The purpose of the model is to simulate the real geophysical investigation, measuring the travel time for the wave to reach the geophones located on the

Figure 2. Cross-hole test model-front shear waves reaching the 9-meter depth geophone.

Figure 3. Vertical displacement vs. time for geophone located at 9 m depth.

ground surface along the profile. The real data obtained from the geophysical investigation are shown in Figure 8. The diﬀerent dromochrones (distance vs. travel time curves) have been drawn for the diﬀerent pulse locations. Three slopes may be distinguished in most of these curves, corresponding to the three soil layers aforementioned: sandy soil, weathered rock and fresh rock. Three representative dromochrones have been selected (Figure 9) to enhance these three slopes.

The slope of the ﬁrst section of the three curves is very similar, leading to a seismic velocity of 350 - 500 m/s for the sandy soil layer. Nevertheless, the point where the curve changes its slope depends on the thickness of the soil layer. On curve 2, the time when the refracted wave reaches the direct wave is shorter than the one for curves 1 and 3. This diﬀerence leads to a smaller thickness of layer 1 in the neighborhood of x = 30 m. Regarding the second section of the curves, the

Figure 4. Front p-waves reaching the 9 m depth geophone.

Figure 5. Horizontal displacement vs. time for geophone located at 9 m depth.

Figure 6. Seismic refraction profiles layout.

seismic velocity obtained for the weathered rock layer ranges from 1000 to 2000 m/s. Finally, the seismic velocity for the third layer (fresh rock) ranges from 5000 to 11,000 m/s.

Figure 7. Geological profile.

Figure 8. Geophysical investigation data: Dromochrones for different pulse locations.

A GFDM model has been used to model the seismic refraction investigation (Figure 10). The horizontal and vertical dimensions of the model are 200 meters and 60 meters, respectively. A regular mesh of nodes has been adopted with a node spacing of 1 meter, leading to a total number of nodes of 12,000. Every star

Figure 9. Representative travel time vs. distance curves.

Figure 10. Subsoil model to analyze the seismic refraction method.

is made up of eight nodes plus the central node. The selection of nodes associated to each central node is based on the distance criterion. The weighting function adopted is the potential function 1/(dist)^{3}. A free surface boundary condition has been imposed to the upper limit of the model. An absorbing boundary condition (Perfectly Matched Layer) has been imposed to the lower and side limits of the model. The vertical pulse applied at the surface at x = 50 m. (50 meters from the left border) corresponds to the central lobe of a Ricker wavelet. The parameters for the Ricker wavelet adopted are the following ones: Ricker wavelet:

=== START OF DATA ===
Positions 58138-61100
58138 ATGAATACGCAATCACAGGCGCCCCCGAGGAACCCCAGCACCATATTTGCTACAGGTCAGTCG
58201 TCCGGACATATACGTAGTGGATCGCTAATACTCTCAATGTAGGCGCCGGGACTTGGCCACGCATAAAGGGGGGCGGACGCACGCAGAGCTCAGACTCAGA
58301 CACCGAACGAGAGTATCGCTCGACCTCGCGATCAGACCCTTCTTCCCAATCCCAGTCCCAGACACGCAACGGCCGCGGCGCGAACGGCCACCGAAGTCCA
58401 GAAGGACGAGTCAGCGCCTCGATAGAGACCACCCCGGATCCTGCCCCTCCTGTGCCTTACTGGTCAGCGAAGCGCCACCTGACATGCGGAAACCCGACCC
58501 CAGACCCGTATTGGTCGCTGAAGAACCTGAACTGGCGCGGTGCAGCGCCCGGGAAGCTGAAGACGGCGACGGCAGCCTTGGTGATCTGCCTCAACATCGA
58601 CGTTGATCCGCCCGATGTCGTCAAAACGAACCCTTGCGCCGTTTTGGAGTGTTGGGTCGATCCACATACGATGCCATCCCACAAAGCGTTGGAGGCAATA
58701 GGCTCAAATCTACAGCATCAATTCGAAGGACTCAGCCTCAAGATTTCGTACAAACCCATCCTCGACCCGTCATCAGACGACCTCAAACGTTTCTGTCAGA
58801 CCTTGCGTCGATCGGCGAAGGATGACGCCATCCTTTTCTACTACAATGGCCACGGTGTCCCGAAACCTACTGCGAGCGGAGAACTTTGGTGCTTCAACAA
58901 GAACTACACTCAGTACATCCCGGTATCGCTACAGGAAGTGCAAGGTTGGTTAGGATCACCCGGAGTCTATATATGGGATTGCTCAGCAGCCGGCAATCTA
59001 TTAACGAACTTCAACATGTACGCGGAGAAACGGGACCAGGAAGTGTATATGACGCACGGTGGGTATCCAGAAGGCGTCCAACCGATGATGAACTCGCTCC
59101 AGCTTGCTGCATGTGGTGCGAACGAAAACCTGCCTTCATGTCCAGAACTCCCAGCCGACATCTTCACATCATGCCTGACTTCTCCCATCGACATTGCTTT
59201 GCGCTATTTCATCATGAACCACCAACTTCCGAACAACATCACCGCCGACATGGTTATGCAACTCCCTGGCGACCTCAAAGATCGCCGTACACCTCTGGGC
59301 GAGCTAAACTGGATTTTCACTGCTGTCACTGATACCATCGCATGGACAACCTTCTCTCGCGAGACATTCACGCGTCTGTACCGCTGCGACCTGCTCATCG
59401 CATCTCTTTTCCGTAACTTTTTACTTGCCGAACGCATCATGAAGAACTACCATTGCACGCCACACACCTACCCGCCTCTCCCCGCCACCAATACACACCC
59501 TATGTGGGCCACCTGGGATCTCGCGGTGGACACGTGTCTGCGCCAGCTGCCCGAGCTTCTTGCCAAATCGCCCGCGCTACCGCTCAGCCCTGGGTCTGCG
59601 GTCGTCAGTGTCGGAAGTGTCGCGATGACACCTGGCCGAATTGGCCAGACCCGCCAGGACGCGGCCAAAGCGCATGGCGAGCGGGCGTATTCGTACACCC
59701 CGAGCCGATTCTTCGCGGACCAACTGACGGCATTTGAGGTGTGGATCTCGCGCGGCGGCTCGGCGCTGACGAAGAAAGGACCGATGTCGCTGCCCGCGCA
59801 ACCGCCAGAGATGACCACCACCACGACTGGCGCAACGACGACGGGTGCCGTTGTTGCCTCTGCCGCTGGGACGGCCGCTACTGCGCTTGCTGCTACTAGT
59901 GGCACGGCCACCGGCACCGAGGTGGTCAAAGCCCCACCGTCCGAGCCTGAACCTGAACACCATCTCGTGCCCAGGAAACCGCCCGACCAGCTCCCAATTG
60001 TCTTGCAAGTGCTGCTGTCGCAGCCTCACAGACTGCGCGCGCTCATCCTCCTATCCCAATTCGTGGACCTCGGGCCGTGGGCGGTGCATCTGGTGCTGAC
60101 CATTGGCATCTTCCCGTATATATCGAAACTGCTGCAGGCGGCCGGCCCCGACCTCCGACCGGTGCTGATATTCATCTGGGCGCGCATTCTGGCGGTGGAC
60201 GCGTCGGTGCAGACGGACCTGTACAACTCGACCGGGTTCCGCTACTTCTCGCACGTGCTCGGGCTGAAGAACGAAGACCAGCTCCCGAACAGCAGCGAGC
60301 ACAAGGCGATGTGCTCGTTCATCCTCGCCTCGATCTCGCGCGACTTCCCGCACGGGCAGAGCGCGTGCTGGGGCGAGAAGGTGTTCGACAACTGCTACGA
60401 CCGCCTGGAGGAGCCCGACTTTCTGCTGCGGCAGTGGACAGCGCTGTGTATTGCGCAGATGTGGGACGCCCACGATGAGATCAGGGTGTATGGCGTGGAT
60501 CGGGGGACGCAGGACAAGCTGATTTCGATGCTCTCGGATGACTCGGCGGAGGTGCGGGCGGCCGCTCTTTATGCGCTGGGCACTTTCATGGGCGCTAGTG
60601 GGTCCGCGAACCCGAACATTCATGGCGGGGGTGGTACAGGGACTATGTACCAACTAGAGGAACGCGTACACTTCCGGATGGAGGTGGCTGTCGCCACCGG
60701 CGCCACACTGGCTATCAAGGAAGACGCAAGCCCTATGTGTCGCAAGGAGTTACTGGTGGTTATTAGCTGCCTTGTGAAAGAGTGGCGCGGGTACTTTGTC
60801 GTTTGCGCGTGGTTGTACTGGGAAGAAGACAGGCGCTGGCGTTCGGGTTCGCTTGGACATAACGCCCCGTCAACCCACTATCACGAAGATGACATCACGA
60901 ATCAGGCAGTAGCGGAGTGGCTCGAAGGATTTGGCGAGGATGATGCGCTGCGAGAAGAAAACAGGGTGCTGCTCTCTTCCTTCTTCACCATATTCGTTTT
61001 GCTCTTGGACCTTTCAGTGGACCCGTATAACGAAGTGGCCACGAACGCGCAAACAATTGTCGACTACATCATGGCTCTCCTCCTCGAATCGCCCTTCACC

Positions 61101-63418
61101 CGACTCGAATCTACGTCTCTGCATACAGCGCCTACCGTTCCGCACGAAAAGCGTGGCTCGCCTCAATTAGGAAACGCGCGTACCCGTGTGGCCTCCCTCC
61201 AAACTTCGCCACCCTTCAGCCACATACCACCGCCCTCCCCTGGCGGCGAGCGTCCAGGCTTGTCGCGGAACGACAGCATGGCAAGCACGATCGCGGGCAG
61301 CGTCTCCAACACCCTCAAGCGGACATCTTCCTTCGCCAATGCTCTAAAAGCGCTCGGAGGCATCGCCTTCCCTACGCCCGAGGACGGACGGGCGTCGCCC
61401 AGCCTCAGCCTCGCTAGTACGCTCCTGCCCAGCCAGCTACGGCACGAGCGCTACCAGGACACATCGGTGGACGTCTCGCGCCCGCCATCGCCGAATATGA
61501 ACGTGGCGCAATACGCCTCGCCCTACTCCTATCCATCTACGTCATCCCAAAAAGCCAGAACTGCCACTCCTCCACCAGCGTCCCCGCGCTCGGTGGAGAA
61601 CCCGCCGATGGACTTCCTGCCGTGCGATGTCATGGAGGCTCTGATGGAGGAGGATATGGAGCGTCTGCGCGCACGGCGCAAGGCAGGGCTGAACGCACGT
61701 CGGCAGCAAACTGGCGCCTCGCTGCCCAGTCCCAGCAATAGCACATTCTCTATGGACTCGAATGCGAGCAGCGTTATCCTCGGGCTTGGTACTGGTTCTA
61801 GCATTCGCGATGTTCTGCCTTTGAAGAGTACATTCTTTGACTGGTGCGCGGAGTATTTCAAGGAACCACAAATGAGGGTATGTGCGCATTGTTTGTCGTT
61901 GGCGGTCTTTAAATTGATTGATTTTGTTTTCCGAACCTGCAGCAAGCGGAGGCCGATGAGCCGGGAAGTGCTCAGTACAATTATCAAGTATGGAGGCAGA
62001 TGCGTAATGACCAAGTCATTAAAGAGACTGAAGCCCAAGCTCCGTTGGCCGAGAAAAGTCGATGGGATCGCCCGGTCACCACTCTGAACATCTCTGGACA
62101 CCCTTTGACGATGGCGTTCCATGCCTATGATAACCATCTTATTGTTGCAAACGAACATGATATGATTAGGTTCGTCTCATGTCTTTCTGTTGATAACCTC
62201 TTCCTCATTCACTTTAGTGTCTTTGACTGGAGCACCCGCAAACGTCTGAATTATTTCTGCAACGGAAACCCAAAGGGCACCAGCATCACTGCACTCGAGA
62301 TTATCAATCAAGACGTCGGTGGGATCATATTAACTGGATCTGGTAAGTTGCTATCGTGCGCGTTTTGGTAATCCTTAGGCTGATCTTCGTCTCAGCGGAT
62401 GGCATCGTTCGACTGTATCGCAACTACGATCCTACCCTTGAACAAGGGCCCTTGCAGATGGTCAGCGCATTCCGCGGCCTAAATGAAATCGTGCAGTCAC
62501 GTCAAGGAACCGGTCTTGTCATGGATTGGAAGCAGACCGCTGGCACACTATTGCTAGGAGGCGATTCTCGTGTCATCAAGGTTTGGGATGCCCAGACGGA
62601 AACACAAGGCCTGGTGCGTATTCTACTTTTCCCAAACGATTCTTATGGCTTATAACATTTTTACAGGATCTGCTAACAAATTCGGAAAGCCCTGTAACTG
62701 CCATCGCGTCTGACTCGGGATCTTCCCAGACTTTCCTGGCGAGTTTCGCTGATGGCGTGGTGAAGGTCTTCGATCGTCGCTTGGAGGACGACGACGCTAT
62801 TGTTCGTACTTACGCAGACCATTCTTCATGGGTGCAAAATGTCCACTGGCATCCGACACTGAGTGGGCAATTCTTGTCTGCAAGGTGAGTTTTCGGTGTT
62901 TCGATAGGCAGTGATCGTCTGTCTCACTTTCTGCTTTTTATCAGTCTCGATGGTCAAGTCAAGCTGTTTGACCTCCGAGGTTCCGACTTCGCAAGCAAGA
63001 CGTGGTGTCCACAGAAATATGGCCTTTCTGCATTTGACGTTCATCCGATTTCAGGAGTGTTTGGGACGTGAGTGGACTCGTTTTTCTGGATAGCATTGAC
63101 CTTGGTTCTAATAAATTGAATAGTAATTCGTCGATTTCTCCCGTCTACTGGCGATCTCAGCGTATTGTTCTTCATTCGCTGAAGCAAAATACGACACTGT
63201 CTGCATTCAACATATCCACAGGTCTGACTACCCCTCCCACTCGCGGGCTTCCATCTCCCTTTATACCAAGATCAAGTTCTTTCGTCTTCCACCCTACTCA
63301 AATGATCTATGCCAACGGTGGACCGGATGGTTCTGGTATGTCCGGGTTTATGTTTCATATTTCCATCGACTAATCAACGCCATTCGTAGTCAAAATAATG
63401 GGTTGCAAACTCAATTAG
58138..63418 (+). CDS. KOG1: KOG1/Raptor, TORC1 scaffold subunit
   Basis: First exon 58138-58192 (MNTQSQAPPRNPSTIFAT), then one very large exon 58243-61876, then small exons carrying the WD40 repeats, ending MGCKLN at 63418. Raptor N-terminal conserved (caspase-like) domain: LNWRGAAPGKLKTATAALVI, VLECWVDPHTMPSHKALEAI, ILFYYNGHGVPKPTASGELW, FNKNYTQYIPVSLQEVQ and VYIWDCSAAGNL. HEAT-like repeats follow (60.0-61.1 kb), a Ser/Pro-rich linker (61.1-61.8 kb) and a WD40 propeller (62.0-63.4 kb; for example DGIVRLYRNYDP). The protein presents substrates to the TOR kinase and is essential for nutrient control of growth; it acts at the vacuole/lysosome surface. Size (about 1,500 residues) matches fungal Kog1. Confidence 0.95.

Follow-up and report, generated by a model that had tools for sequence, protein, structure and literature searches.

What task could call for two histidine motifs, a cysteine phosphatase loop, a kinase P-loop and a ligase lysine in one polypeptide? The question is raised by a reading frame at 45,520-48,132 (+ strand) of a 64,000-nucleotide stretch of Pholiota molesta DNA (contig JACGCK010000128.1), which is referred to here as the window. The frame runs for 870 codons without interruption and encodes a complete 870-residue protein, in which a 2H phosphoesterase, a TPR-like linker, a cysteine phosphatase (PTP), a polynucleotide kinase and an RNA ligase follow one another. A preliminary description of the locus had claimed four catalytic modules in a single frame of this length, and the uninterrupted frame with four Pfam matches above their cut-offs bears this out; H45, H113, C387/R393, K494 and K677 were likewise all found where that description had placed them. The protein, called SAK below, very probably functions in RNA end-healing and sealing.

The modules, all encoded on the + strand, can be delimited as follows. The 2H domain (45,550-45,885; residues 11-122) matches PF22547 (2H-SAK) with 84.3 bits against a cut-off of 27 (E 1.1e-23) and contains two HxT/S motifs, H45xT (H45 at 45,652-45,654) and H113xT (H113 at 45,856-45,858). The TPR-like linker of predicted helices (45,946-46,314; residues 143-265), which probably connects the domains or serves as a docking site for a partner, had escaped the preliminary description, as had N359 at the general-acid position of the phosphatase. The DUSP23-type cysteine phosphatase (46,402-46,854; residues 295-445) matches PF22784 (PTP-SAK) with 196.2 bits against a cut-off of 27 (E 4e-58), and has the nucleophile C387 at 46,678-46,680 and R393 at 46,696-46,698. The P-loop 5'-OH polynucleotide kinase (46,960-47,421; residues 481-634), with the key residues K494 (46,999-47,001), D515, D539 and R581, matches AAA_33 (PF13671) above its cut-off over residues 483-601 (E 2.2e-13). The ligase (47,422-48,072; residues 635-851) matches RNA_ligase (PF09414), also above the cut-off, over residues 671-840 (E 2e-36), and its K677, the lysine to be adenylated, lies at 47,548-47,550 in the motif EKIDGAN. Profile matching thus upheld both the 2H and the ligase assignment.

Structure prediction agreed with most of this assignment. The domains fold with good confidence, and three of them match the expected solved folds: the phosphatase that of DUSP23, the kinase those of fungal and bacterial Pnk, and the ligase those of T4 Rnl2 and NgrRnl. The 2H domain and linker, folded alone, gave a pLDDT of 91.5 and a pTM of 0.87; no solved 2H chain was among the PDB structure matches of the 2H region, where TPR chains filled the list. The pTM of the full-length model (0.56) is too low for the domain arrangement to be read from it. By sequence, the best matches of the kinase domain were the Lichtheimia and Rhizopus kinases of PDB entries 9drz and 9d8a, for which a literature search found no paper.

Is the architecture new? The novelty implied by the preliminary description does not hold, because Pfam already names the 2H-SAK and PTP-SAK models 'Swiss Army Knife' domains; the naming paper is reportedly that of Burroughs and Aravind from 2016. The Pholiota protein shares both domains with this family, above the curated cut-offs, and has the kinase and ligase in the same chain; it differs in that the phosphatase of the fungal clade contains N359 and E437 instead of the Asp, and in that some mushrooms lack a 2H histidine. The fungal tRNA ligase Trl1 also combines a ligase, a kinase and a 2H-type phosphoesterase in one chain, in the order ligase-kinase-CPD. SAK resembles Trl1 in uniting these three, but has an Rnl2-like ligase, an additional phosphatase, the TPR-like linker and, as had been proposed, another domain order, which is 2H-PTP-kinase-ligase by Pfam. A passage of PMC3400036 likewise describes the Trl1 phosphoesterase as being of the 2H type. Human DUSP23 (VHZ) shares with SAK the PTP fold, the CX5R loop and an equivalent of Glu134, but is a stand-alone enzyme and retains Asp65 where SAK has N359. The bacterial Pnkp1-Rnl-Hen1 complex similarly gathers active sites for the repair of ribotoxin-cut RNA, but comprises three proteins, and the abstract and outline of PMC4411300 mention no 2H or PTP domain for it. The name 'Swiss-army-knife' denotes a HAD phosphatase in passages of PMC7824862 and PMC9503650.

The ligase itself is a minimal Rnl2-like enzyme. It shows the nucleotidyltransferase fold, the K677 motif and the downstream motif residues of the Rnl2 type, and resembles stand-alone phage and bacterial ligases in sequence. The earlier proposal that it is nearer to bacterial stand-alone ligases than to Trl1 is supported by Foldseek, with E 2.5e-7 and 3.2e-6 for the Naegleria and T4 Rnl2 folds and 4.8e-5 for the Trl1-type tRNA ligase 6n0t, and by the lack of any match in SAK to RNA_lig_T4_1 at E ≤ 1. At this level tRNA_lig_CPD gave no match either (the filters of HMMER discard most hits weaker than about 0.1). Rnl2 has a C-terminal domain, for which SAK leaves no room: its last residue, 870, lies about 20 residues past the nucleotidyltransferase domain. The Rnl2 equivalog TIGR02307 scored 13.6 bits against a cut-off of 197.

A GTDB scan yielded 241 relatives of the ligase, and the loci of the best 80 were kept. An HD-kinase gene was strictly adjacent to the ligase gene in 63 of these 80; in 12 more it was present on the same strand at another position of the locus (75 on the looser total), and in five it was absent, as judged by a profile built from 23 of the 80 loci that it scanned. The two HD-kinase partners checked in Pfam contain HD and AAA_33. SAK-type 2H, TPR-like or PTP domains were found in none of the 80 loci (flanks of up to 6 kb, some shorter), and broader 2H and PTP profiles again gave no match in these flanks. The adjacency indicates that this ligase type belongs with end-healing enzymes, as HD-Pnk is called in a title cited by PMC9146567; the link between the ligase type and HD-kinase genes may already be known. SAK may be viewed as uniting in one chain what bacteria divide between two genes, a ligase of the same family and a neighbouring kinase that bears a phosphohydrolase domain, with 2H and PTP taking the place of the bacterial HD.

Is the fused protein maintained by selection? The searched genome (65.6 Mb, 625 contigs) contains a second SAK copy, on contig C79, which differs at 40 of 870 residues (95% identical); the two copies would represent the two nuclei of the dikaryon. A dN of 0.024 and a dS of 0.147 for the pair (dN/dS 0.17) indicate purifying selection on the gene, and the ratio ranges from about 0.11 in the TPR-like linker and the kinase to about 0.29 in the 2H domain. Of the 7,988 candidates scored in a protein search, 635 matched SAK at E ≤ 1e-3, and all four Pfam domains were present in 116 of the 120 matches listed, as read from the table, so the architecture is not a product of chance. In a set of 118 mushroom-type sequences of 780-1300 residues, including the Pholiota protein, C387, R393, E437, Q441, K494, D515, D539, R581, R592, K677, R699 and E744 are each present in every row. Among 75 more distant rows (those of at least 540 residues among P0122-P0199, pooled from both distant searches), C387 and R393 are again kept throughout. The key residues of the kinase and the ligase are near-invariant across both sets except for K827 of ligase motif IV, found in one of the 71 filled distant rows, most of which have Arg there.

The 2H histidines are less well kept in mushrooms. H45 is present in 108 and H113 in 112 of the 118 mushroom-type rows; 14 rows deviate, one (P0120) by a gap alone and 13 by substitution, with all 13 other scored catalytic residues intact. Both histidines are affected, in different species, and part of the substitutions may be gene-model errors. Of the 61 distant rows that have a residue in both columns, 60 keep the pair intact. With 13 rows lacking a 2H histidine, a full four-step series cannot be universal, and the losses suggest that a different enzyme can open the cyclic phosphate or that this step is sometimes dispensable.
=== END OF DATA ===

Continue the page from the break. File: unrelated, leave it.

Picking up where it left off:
$A=\left[1-2{\text{\pi}}^{2}{f}_{M}^{2}{\left(t-{t}_{s}\right)}^{2}\right]{\text{e}}^{\left(-2{f}_{M}^{2}{\left(t-{t}_{s}\right)}^{2}\right)}$

where: t_{s} = 0.00015 s and f_{M} = 1418 s^{−1}.

The time increment adopted is t = 0.00005s. Therefore, the central lobe for the Ricker wavelet can be deﬁned by 7 points, from t = 0 s. until t = 0.0003 s.

The main goal of the model is to reproduce the distance vs. travel time curves obtained in the geophysical investigation. The curves depend not only on the elastic parameters of the soil layers (Youngs Modulus, Shear Modulus), but on their thickness. By varying the elastic parameters and the thickness of the soil layers, a distance vs. travel time curve has been obtained whose seismic velocities lie within the real velocities range. Figure 11 shows the dromochrone obtained from the model.

The seismic velocities calculated from the model data curve in Figure 11 are the following ones:

Layer 1 (sandy soil): vp = 460 m/s.

Layer 2 (weathered rock): vp = 1590 m/s.

Layer 3 (fresh rock): vp = 5000 m/s.

In Figure 12 three curves showing the wave amplitude vs. time are shown. The red one corresponds to the point A (50.0, 0.0) where the pulse has been applied. The green one corresponds to the node B (50.0, 7.0), located 7 meters below the pulse node; and the blue one shows the curve for node C (50.0, 9.0), located 9 meters below the pulse node, that is, 1 meter in the second soil layer (weathered rock).

Figure 11. Distance vs. travel time curves from model.

Figure 12. Wave amplitude vs. time curves for nodes A (50.0, 0.0), B (50.0, 7.0), and C (50.0, 9.0).